On 3 March 1977 four men walked into an office block in the business district of central Tokyo and took hostages. They had a rifle, a pistol, and a Japanese ceremonial sword.
It all began at 16:30. The block was home to the headquarters of Keidanren (the Japanese Federation of Economic Organizations), mouthpiece of Japan’s biggest corporations. The men arrived in the foyer and asked to see Toshiwo Doko, 80-year-old head of the Federation. They were politely told he was on a business trip in Osaka.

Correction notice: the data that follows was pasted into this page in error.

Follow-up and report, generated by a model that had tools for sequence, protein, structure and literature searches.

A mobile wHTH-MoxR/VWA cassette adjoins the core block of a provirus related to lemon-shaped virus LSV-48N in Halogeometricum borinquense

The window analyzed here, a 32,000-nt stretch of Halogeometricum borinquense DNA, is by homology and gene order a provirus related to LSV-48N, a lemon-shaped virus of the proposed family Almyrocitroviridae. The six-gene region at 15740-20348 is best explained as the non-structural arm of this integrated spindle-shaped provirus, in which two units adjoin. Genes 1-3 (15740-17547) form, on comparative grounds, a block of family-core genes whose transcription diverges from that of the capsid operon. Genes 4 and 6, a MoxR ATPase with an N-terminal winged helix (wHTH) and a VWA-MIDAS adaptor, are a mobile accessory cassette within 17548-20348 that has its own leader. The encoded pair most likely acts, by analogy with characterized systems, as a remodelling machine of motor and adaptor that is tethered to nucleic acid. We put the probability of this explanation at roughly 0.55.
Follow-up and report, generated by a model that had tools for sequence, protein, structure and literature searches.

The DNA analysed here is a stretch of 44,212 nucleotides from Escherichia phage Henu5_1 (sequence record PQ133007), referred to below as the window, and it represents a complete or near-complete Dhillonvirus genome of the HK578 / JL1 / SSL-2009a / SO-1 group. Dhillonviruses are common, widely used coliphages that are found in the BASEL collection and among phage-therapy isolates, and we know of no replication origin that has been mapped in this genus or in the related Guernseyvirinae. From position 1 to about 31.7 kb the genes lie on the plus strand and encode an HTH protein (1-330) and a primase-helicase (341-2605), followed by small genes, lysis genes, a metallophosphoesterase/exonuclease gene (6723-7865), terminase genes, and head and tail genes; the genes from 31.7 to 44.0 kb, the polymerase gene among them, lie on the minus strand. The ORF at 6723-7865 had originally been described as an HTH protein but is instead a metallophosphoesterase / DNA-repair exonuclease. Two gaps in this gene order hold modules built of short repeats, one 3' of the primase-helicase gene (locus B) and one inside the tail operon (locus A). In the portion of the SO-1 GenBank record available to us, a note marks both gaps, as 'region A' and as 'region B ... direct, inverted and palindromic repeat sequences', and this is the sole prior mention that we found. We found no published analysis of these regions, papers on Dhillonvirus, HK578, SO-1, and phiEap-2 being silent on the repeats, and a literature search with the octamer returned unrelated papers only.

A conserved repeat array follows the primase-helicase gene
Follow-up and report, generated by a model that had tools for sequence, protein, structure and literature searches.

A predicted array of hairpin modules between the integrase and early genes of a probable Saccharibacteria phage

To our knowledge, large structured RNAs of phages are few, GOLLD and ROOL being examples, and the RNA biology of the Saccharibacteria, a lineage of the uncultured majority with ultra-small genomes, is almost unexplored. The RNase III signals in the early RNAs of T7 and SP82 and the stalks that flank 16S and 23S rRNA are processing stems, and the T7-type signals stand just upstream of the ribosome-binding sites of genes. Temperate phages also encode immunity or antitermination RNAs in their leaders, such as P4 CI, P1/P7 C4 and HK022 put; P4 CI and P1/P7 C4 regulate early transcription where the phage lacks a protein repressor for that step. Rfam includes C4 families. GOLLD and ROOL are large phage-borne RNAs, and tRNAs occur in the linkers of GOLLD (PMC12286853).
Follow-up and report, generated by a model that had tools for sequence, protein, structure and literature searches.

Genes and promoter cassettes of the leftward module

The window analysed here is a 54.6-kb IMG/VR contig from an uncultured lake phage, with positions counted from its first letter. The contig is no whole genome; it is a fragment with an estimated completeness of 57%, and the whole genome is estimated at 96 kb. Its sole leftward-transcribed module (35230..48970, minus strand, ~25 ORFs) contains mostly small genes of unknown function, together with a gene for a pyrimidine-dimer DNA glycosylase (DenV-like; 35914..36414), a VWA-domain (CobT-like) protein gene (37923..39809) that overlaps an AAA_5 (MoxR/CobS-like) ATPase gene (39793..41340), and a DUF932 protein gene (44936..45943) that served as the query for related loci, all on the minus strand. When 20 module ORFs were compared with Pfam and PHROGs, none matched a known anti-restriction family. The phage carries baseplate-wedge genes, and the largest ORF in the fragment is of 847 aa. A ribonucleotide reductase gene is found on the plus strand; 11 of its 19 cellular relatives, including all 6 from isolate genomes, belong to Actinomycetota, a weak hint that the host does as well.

The men produced their weapons and fired three shots into the ceiling then headed up to a seventh floor office where they took twelve people hostage, including the Federation’s managing director.
As riot police sealed off the building, the leader of the hostage takers, 42-year-old Shūsuke Nomura, issued communiques attacking the corruption and business plutocracy he claimed ruled modern Japan. It all sounded left-wing until Nomura starting condemning the post-WW2 Yalta and Potsdam conferences. He accused America and other nations of having deliberately crippled Japan to prevent it reclaiming its former imperial glory.
The police realised they were dealing with right-wing terrorists.